The state has acquired enough of a key drug used in executions to put three condemned inmates to death.

Kentucky and other states have had to look for other sources of the drug, an anesthetic called sodium thiopental, after the sole U.S. maker said in January it would not resume production.

The Justice and Public Safety Cabinet announced Tuesday the state had bought 18 grams of the drug from CorrectHealth, a Georgia correctional health care company.

Missouri - Judging reality: Possible reform for the public defender crisis inches forward

The Missouri Supreme Court has confirmed that the Public Defender Commission, which oversees the public defender system, is empowered to set maximum caseloads and, using a special protocol, allowed to refuse appointments when limits are exceeded.

Thursday, February 17, 2011

Thursday National News Roundup -

Smart on Crime: Recommendations for the Administration and Congress.  — developed and published by the Smart on Crime Coalition, a group of more than 40 bipartisan organizations and individuals — offers nearly 100 detailed policy recommendations across 16 criminal justice areas.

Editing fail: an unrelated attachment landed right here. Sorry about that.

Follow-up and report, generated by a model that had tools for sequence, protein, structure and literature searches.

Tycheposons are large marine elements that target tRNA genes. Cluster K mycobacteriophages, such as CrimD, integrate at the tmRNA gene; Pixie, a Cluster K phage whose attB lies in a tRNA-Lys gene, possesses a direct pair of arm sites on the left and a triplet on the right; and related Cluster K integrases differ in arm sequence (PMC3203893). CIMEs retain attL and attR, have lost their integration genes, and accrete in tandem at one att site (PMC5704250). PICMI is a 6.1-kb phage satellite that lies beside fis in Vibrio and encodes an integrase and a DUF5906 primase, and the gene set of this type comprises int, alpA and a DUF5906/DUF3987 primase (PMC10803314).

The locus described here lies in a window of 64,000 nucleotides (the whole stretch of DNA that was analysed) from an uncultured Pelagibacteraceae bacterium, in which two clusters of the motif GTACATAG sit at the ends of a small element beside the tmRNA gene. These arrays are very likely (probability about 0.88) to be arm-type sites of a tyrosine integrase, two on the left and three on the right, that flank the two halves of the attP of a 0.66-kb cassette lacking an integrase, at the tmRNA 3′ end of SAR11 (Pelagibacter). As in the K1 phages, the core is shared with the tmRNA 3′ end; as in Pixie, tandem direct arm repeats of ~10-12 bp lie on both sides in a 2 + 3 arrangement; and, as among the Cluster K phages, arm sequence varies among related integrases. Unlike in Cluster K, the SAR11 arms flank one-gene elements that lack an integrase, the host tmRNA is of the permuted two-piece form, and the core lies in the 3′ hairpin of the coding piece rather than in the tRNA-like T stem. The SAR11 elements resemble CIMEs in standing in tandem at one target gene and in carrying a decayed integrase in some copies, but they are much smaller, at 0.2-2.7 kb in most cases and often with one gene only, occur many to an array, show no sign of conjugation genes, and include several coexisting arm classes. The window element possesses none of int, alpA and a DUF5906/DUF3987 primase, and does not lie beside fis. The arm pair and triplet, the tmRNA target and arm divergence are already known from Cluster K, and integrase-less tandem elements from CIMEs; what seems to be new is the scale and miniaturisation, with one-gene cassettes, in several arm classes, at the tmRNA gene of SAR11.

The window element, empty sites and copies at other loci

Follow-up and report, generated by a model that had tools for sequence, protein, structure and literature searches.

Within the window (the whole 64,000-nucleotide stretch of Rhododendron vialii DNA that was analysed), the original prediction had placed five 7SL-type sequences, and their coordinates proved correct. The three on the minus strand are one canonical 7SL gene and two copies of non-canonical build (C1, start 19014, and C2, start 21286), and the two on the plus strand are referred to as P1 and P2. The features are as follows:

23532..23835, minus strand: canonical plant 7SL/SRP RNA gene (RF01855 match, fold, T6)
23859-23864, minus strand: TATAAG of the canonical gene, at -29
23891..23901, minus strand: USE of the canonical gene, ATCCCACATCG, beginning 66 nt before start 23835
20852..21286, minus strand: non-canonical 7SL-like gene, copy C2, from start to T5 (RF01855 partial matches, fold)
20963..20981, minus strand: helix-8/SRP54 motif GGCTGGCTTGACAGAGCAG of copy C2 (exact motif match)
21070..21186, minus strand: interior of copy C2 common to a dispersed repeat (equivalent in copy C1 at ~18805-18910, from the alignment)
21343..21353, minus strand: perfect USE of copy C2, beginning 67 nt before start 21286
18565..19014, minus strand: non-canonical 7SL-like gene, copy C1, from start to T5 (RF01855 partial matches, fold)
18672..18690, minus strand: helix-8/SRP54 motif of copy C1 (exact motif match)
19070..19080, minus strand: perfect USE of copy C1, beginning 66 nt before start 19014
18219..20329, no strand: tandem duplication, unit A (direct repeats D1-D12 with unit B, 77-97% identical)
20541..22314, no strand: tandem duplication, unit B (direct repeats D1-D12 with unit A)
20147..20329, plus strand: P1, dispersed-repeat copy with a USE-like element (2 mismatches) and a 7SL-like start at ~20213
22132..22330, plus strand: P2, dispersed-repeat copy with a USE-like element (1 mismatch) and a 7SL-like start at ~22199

Kentucky lawyer new Hamilton public defender - Shelia Kyle-Reno, DPA Elizabethtown Directing Attorney

Hamilton County's new public defender, who oversees a $13 million budget that provides legal services for thousands of the poor charged with crimes, is a woman from out of state with a long history of representing unions and the needy.

"I lived in Cincinnati for a few years. I enjoyed the community," Shelia Kyle-Reno said Friday from her office in Elizabethtown, Ky., where she is the public defender for a four-county area in southwestern Kentucky.